Chili’s does the right thing–severs ties with vaccine refuser group

After an uproar on social media, including Twitter, Facebook, and numerous blog posts (including three from me), Chili’s decided that they would suspend their program to contribute 10% of sales to an antivaccination front group, the National Autism Association, a group that states unequivocally that vaccines cause autism, despite the vast amount of evidence that it’s completely unrelated.

©2014, Wikipedia Commons
©2014, Wikipedia Commons

In a statement on Facebook, Chili’s said:

Chili’s is committed to giving back to the communities in which our guests live and work through local and national Give Back Events. While we remain committed to supporting the children and families affected by autism, we are canceling Monday’s Give Back Event based on the feedback we heard from our guests.

We believe autism awareness continues to be an important cause to our guests and team members, and we will find another way to support this worthy effort in the future with again our sole intention being to help families affected by autism. At Chili’s, we want to make every guest feel special and we thank all of our loyal guests for your thoughtful questions and comments.

I presume that antivaccination lunatics, who lead to more children’s deaths, aren’t a worthy charitable cause for Chili’s. As it should be.

For once, science and rational thinking win. I’d be lying if I didn’t say there’s a big smile on my face.

Pertussis vaccine reduced length and severity of whooping cough

Except for the evidence that says it's not a failure.
Except for the evidence that says it’s not a failure.

I know, there are just so many tropes and outright lies pushed by the vaccine deniers, it’s really hard for this writer to keep up with it all. But there’s one that has always bothered me, but I didn’t have quite enough evidence to lustfully debunk in my usual manner.

As has been shown in few studies, the vaccine against whooping cough (Bordetella pertussis), either  DTaP or Tdap (which also protect against tetanus and diphtheria), isn’t as effective in providing long-term protection as our expectations, based on other vaccines. Although the antivaccination cult has misinterpreted and misstated the actual numbers, an analysis of the data from the Washington State pertussis epidemic in 2011-2012 provided us with the following information:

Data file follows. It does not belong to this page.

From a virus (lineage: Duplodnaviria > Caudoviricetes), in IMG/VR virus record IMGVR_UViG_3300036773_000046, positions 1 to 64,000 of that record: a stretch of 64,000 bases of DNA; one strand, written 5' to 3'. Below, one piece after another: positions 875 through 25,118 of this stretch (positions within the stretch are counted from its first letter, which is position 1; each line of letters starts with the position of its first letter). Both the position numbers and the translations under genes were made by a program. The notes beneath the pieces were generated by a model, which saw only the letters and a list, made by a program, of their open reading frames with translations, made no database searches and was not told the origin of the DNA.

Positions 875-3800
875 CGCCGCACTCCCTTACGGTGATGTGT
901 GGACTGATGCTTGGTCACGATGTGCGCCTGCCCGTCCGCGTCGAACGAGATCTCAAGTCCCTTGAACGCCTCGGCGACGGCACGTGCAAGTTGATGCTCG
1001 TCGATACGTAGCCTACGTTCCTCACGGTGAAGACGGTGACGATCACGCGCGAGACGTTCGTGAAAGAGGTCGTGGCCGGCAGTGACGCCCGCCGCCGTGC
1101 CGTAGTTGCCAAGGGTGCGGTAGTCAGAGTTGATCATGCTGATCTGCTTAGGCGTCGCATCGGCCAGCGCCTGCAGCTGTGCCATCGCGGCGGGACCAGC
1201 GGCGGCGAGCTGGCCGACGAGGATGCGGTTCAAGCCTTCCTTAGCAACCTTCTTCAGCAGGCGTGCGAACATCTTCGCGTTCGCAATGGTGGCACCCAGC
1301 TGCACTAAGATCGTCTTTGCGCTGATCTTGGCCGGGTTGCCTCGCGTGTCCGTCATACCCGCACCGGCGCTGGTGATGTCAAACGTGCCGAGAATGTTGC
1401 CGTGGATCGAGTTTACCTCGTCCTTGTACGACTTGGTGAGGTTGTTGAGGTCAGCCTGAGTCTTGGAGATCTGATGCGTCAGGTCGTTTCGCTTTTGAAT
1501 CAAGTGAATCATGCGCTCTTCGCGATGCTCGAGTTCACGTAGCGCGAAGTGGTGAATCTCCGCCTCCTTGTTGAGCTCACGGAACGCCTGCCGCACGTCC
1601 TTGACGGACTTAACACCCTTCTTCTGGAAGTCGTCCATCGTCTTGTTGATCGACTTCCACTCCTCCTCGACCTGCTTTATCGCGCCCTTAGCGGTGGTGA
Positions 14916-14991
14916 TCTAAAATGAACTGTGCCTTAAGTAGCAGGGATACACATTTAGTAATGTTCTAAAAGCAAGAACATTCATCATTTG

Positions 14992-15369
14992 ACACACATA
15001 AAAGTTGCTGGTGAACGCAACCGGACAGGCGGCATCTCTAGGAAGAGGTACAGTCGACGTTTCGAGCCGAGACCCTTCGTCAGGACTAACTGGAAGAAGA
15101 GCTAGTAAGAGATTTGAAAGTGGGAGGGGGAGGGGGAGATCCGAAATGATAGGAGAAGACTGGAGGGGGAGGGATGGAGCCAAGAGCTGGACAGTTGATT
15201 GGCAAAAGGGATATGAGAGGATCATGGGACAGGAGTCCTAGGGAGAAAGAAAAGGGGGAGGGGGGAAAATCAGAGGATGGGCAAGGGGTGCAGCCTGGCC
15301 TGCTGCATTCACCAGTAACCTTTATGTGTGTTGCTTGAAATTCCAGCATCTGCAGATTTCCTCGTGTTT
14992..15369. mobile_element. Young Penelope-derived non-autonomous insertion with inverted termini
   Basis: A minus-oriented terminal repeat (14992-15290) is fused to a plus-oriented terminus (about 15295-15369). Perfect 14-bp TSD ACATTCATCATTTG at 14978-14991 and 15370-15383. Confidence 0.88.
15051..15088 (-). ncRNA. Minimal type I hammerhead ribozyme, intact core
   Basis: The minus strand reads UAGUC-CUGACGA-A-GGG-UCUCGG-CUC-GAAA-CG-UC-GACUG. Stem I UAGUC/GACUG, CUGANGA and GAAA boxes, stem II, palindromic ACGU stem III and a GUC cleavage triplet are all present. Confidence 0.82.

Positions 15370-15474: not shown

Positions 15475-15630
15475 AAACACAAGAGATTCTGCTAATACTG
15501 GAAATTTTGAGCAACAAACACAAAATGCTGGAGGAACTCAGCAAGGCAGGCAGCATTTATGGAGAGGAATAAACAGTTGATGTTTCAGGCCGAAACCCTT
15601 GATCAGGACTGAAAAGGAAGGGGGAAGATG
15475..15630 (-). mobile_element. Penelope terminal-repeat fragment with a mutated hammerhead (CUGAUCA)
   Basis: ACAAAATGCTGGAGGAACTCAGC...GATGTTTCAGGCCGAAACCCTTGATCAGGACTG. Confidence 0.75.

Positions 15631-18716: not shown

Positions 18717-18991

• Ages 5-9 unvaccinated or under vaccinated children are 6 times more likely to become infected with pertussis than fully vaccinated. 
  • Ages 10-13 unvaccinated or under vaccinated are 25 times more likely to become infected with pertussis than fully vaccinated. 
  • Ages 14-18 unvaccinated or under vaccinated  are 6 times more likely to become infected with pertussis than fully vaccinated.

In other words, not getting the vaccine made it easier to get infected with whooping cough. Continue reading “Pertussis vaccine reduced length and severity of whooping cough”

Jenny McCarthy asks Twitter for help, Twitter replies “vaccinate”

Last week, former Playboy Playmate, recently appointed co-host of the ABC-TV (USA) show, the View, and anti-science/antivaccination rabble rouser Jenny McCarthy, decided to head to Twitter to get relationship advice. Not sure what she expected, and maybe she’s much more clever than we think by making this a trending topic, but it started rather quietly:

A hurricane of replies flew across Twitter (much of the evening I was retweeting the best ones, or just laughing). As one Tweeter remarked, “this is why the internet was invented.” Yup. Maybe Jenny didn’t know what she was doing?

 

Here are my favorites, and ones I haven’t seen on other articles. 

 

 

 

 

 

 

 

Hysterical. A nerdy reference:

 

 

 

 

 

 

 

There were so many more I could have used, but laughing that hard for so long can wear a person out. I did a rough estimate of pro-vaccine to anti-vaccine Tweets for #JennyAsks, and it was around 100-200:1. So, you can conclude that either most Twitter users who follow hashtags are pro-science/pro-vaccine, or anti-vaxxers have limited access to computers and Twitter, since they’re living off the grid avoiding the evil Jews trying to vaccinate them. Oh yeah, that’s a thing amongst the antivaccination crowd.

A few months ago, I got into a discussion with writer and brand new mother Tara Haelle, claiming that social media wasn’t very useful in changing the society’s views on topics. I was skeptical that massive “protests” on Twitter or Facebook would move the body politic on any issues. Apparently, I was wrong. Because Jenny’s hashtag was completely and utterly hijacked by the pro-science/pro-vaccine world.

By the way, I added my own tweet to #JennyAsks a few days ago:

 

 

 

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